Indian Microfinance: The Challenges of Rapid Growth

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Prabhu Ghate

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  • Front Matter
  • Back Matter
  • Subject Index
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    List of Tables

    • 2.1 Growth Trends in the SBLP 40
    • 2.2 Growth of SHGs Linked in 13 Priority States 42
    • 2.3 Profile of Sample SHGs in the Lights and Shades Study 44
    • 3.1 Financial Performance of Sample MFIs in FY 2004 and FY 2005 73
    • 3.2 Region-wise Growth in Outreach in 2003–04 and 2004–05 75
    • 3.3 Financial Performance of MFIs Classified by Client Outreach and Loan Portfolio 76
    • 3.4 Comparative Performance Indicators for MFIs in India, South Asia and Other Regions of the World 78
    • 5.1 SHEPHERD Cattle Insurance 112
    • 5.2 Main Feature of Health Microinsurance Scheme 116
    • 7.1 Commercial Bank Exposure to Microfinance of Selected Banks, March 2006 155
    • 7.2 Guidelines for the Business Facilitator and Business Correspondent Models 160
    • 7.3 Salient Features of the Main Equity Investors 167
    • 8.1 MFI Loans Outstanding to the Apex Financing Institutions and Banks 180
    • 8.2 Financial Performance of FWWB and RMK 188

    List of Boxes

    • 1.1 The SHG and MFI Models 24
    • 2.1 Pradan's Computer Munshi System (CMS) 58
    • 4.1 Sa-Dhan's Voluntary Mutual Code of Conduct for Microfinance Institutions, 21 March 2006 88
    • 4.2 Some Not Easy to Answer Questions Calling for Further Research and Consensus Building 97
    • 5.1 Issues in Livestock Insurance: SHEPHERD's Experience 111
    • 5.2 VimoSEWA: Synergies between Health Insurance, Health Care and Health Education 115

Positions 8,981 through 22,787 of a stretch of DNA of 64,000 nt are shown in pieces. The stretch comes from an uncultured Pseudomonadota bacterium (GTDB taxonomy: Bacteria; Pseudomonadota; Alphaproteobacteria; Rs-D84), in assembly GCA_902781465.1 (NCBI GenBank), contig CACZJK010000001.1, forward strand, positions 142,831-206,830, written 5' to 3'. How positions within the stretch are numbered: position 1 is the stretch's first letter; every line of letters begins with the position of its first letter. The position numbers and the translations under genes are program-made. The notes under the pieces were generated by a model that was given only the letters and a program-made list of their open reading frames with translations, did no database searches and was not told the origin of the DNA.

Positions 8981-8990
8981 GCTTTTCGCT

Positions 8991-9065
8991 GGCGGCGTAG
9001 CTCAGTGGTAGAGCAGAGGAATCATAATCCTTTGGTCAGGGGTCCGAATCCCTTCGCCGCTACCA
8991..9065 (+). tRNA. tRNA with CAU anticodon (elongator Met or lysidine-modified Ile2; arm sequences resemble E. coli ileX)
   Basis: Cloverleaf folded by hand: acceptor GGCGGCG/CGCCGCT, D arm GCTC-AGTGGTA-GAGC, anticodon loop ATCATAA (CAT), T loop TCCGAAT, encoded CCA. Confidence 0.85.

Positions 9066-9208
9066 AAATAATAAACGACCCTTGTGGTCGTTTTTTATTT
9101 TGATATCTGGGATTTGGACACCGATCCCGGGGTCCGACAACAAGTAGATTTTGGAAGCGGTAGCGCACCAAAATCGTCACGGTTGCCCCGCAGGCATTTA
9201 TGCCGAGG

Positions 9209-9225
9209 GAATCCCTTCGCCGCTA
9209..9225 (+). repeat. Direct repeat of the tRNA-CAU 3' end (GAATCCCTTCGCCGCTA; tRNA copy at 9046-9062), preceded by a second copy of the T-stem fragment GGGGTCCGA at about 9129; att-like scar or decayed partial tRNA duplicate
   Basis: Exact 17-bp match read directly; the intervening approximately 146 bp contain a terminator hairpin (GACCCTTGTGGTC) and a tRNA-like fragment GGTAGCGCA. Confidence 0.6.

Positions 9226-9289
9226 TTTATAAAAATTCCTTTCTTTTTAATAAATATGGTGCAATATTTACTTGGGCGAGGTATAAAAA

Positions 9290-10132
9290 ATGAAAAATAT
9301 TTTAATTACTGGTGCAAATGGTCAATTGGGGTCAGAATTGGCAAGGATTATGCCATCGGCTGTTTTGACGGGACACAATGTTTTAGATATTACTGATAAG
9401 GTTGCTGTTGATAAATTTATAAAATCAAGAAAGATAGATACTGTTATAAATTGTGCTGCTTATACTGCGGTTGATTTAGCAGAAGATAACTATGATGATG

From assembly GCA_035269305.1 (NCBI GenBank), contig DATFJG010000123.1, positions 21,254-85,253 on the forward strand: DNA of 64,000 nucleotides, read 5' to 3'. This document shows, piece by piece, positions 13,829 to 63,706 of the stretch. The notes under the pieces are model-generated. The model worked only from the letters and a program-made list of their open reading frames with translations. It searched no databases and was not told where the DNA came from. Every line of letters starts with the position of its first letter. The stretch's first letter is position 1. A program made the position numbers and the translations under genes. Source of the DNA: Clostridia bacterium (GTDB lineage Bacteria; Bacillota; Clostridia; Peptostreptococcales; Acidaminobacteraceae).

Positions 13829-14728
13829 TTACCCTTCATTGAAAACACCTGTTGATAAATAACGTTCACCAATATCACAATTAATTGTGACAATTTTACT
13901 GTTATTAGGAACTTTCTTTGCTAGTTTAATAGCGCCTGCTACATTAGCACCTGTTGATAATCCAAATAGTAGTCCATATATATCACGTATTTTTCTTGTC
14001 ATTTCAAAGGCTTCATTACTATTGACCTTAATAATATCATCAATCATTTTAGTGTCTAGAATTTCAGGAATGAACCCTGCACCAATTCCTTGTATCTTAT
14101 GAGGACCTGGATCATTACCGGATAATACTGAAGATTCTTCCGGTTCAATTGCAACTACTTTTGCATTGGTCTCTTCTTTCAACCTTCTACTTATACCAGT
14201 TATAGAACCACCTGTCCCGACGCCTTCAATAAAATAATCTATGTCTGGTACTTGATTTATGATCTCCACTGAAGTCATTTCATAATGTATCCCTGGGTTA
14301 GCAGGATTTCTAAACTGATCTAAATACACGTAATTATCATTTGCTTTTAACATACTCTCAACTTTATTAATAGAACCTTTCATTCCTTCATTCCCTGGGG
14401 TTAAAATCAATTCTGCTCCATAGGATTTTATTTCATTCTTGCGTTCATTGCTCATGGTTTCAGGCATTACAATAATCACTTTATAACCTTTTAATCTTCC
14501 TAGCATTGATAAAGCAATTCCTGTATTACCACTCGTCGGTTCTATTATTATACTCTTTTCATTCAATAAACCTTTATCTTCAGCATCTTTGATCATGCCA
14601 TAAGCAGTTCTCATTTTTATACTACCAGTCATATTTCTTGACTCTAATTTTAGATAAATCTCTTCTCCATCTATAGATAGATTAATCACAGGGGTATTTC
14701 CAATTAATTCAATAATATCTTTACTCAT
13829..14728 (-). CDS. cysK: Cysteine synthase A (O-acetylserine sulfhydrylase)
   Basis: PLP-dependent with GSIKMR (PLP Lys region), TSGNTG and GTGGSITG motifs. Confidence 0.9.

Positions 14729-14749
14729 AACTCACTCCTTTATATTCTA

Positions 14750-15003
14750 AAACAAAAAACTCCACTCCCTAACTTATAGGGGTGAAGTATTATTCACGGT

• 5.3 Lessons from the Insurance Experience of ASA, Spandana and SHEPHERD 123
    • 5.4 Serving Migrants through Remittance Services: The Case of Adhikar 132
    • 6.1 The Microfinance Incubator 140
    • 6.2 Some Key Findings and Recommendations from ‘Catalyzing Capacity Development: Assessing the Need for Training’ 144
    • 7.1 Foreign Equity Investment 170
    • 8.1 Forms of Donor Funding in Indian Microfinance 198
    • 8.2 Two Early Examples of Donor Funding for Microfinance 199

    List of Abbreviations

    ABCActivity Based Costing
    ADBAsian Development Bank
    APMASAndhra Pradesh Mahila Abhivruddi Society
    BCBusiness Correspondent
    BFBanking Facilitator
    BIRDBanker's Institute of Rural Development
    BPLBelow Poverty Line
    CABCollege of Agricultural Banking
    CAGRCompounded Annual Growth Rate
    CAPCountry Assistance Plan
    CARCapital Adequacy Ratio
    CASHECredit and Savings for Household Enterprises
    CBCapacity Building
    CBFICommunity Based Financial Institutions
    CBOCommunity based Organization
    CFSFCredit and Financial Services Fund
    CGAPConsultative Group to Assist the Poor
    CIDACanadian International Development Agency
    CIFCommunity Investment Fund
    CMComputer Munshi
    CMFCentre for Micro Finance
    CMSComputer Munshi System
    DCCBDistrict Cooperative Central Bank
    DFIDDepartment for International Development
    DRDADistrict Rural Development Authority
    DRIDifferential Rate of Interest
    EPFEmployees Provident Fund
    ESISEmployees State Insurance Scheme
    FCRAFinancial Contributions Regulation Act
    FLDGFirst Loss Deficiency Guarantee
    FWWBFriends of Women's World Banking
    GAGroup Accountant
    GLPGross Loan Portfolio
    GRTGroup Recognition Test
    IASCIndian Association of Savings and Credit
    ICICIIndustrial Credit and Investment Corporation of India
    IFADInternational Fund for Agricultural Development
    IFMRInstitute for Financial Management and Research
    IIMBIndian Institute of Management Bangalore
    IKPIndira Kranti Patham
    ILOInternational Labour Organization
    IRDPIntegrated Rural Development Programme
    JLGJoint Liability Group
    JSBYJan Shree Bima Yojana
    LABLocal Area Bank
    LICLife Insurance Corporation of India
    LSSLights and Shades Study
    MACSMutually Aided Cooperative Society